Quentin Letts
Daily Mail

"This handsomely produced version does feature two top-rate performances. The first is from Bryony Hannah as the little so-and-so Mary. The second is from veteran Ellen Burstyn as Mary’s pukka grandmother, who believes the lie. Miss Knightley’s role demands raw self-evisceration. That is what a great actress would bring to it. Miss Knightley tries. By God, she tries. She turns in a performance of which many a journeywoman thesp’ would be proud. But is she a real leading lady? Is she a genuine stage star? Not quite … She keeps pushing her jaw forward, flaring her nostrils and opening her mouth. She uses this to try to portray shock and despair but it’s more dead fish on the slab. There is little limb work. I have seldom seen a less expressive pair of shoulders … Don’t let me put you off seeing the show if you can. It is a splendid evening in many ways - almost a five-star job”

Michael Billington

"There's only one question to which everyone wants the answer: can Keira Knightley and Elisabeth Moss cut the mustard? The short answer is that they prove as potent a combination on stage as at the box office. But, for all the excellence of their performances, and Ian Rickson's ministrations as director, nothing will persuade me that Lillian Hellman's 1934 play is any more than well-intentioned melodrama … Elisabeth Moss, captivating as Peggy in Mad Men, firmly establishes Martha as the dominant partner … In an outstanding performance, she lends Martha a dark secretiveness which goes some way to prepare us for the violent turnaround of Hellman's climax … In fact, the acting throughout is a source of pleasure … But nothing can disguise the fact this is a flawed piece.”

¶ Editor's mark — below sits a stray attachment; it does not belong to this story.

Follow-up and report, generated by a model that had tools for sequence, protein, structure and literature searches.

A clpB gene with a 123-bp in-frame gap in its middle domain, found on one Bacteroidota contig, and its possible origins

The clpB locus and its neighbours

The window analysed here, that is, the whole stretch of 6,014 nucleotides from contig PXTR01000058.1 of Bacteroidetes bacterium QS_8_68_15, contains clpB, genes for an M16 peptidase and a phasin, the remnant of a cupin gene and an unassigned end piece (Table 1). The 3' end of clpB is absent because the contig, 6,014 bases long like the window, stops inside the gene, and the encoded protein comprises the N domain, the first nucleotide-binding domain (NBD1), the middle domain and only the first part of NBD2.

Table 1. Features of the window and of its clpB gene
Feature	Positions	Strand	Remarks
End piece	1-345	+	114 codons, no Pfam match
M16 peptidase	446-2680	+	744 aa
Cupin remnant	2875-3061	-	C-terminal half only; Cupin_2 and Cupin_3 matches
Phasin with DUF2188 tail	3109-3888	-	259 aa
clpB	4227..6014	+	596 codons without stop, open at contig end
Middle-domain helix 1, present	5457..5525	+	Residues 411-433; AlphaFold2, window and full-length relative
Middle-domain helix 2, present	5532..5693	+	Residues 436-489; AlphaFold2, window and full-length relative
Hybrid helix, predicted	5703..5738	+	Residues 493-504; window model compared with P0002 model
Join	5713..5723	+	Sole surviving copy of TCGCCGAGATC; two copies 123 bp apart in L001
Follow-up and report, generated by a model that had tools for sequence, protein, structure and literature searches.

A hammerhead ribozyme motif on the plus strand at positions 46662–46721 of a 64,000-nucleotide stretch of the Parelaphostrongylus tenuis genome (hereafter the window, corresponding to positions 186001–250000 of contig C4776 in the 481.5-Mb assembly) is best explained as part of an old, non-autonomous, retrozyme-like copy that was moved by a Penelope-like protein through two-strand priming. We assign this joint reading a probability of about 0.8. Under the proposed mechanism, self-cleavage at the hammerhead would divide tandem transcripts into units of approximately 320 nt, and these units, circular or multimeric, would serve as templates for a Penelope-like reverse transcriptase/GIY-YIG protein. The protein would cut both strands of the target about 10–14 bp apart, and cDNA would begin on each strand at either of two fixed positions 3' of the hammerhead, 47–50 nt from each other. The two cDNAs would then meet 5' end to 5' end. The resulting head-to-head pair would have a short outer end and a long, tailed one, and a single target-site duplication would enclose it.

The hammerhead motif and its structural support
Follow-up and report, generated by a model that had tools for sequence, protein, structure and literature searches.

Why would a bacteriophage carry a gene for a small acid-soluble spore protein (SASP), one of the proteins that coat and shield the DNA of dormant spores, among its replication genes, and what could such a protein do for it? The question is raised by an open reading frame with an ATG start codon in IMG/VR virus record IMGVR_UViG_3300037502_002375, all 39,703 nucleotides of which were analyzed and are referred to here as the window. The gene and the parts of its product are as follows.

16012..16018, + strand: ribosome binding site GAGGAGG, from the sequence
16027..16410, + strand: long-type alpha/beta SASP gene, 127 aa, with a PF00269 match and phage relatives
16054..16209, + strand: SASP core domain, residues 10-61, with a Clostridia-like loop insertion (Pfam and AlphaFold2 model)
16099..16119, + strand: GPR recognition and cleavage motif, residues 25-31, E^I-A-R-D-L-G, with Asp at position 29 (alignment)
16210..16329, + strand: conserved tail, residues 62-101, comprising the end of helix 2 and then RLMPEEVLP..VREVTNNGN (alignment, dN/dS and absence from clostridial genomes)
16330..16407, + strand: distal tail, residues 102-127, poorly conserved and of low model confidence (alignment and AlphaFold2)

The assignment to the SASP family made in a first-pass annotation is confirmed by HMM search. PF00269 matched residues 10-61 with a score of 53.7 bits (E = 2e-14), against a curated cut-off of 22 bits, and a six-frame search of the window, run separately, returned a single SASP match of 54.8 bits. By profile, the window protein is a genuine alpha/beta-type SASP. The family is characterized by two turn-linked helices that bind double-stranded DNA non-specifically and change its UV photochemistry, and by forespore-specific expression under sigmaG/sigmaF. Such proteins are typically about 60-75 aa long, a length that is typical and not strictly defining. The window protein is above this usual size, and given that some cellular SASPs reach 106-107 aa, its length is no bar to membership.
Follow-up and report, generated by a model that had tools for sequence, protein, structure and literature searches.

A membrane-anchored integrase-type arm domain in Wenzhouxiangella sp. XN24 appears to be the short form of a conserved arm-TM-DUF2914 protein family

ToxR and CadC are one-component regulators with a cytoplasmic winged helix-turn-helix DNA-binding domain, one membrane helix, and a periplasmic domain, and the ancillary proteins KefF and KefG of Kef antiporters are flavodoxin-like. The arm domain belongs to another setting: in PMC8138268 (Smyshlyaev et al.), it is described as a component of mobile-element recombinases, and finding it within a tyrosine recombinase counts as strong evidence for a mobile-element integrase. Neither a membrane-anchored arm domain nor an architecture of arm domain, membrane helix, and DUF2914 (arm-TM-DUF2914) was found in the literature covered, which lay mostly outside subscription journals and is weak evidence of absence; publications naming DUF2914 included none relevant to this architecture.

Libby Purves
The Times

“Well, blow me down. You think you’ve come to see stars … But you find that what you are actually watching, at first, is a diminutive, scowling unknown in a rumpled gymslip who acts the stars right off the stage. Bryony Hannah plays Mary, the knowing brat who gets revenge on two teachers running a little boarding-school, lying that they indulge in ‘sinful sexual knowledge’. The first act is hers and boy, does she punch above her weight … With a major villain like that at large, her elders wisely take the first scenes quietly: Knightley’s accent wavers a bit but she is competently schoolmarmish as Karen, gaunt yet sprightly in dowdy outfits and side-parting. Moss contrasts nicely as Martha, energetic and cheerful except when dealing with her appalling old stage-queen of an Aunt Lily, who in the hands of Carol Kane commands all the early laughs as she demonstrates to the children the correct way to clutch Cleopatra’s asp to the breast … As it moves into tragic melodrama, both principals up their game. Knightley develops some real strength and Moss explodes into a horrified confession that the worst lies are those with ‘an ounce of truth’.”